On July 2—the same day K.J. took SN&R to court—the NCBM board passed a resolution saying Ballard Spahr does not represent the organization, and has no right to assert attorney-client privilege. The NCBM board has also asked that the emails be released to the public.

But, as Ballard Spahr attorney Peter Haviland noted, control of NCBM is currently being disputed in two court cases in Atlanta.

Again, SN&R never asked to receive emails that are legitimately protected from public disclosure by the attorney-client privilege. SN&R did ask for all emails from the OMKJ Gmail accounts, because they are emails between city employees doing city business. That’s obvious from the content of those emails, and also from the letters “OMKJ”—for “Office of Mayor Kevin Johnson”—right there in the email addresses.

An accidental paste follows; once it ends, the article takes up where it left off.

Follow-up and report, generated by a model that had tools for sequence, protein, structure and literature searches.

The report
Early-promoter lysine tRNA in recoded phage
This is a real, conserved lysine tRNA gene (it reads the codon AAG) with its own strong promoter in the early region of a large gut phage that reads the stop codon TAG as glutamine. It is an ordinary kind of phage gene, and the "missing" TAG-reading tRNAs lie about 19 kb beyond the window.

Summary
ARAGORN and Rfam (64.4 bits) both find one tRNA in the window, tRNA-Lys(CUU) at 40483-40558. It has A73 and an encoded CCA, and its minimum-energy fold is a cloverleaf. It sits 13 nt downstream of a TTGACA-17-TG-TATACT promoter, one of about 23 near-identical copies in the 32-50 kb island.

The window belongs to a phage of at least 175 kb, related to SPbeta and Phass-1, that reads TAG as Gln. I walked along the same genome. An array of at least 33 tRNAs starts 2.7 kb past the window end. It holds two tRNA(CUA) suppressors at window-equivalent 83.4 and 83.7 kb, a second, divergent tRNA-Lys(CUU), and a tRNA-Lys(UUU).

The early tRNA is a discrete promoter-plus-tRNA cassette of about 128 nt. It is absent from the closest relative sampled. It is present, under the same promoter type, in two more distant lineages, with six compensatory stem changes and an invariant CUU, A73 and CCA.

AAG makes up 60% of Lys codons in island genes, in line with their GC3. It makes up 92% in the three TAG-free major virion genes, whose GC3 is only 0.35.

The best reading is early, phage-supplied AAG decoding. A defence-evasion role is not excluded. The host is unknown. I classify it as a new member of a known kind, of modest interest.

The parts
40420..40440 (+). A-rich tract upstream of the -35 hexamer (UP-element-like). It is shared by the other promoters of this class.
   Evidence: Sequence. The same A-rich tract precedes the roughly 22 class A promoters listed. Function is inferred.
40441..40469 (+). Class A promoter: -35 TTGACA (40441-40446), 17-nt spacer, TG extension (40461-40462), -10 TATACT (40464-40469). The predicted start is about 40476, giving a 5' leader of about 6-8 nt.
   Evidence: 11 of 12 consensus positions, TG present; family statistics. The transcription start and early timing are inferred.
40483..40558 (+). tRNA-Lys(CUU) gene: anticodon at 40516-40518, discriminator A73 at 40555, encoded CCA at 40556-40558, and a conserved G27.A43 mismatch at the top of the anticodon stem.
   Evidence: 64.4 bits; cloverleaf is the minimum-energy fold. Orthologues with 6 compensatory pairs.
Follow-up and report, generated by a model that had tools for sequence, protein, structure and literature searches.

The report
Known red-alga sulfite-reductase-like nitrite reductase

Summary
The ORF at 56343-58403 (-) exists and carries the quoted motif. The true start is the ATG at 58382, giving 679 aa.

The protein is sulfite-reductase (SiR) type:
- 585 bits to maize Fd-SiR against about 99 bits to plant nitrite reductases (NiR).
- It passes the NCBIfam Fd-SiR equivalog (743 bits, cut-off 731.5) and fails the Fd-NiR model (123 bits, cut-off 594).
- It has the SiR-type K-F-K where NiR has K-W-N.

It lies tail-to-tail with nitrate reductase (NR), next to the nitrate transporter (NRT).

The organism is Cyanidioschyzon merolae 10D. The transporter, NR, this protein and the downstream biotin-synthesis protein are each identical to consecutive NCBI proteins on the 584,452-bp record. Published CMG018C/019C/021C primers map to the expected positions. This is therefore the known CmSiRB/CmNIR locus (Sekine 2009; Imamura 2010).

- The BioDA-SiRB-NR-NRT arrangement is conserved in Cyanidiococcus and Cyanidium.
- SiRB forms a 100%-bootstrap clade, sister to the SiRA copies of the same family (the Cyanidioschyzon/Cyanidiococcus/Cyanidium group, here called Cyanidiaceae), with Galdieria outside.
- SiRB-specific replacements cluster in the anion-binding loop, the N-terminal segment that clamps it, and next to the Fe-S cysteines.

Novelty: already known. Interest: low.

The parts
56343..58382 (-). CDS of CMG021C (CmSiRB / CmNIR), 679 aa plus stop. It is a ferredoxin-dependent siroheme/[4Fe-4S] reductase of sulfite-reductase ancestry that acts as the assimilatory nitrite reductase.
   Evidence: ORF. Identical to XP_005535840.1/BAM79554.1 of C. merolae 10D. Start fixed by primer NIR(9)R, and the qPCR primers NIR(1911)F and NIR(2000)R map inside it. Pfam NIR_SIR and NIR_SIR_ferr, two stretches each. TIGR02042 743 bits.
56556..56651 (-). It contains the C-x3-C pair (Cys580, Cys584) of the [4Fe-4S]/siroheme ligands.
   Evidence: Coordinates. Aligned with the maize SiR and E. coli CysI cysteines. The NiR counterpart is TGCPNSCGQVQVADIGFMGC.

What we didn’t know, until Johnson took SN&R to court, is that there are many more emails from Johnson’s OMKJ accounts, probably thousands, that have nothing to do with NCBM, and that contain no attorney-client privileged information, which the mayor is refusing to turn over.

Wendy Klock-Johnson is assistant city clerk and the city’s main public-records wrangler. She said that in response to SN&R’s records request the city clerk had conducted a search on city servers for emails from the OMKJ accounts. Next, the city clerk’s office asked the mayor’s office for emails from those OMKJ Gmail accounts.

Little by little, SN&R started to receive batches of emails, a few hundred pages at a time. As the first batches of emails arrived, it seemed like the mayor’s office was complying with SN&R’s public records request. Craig Powell with the city watchdog group Eye on Sacramento even praised the mayor for his openness and transparency.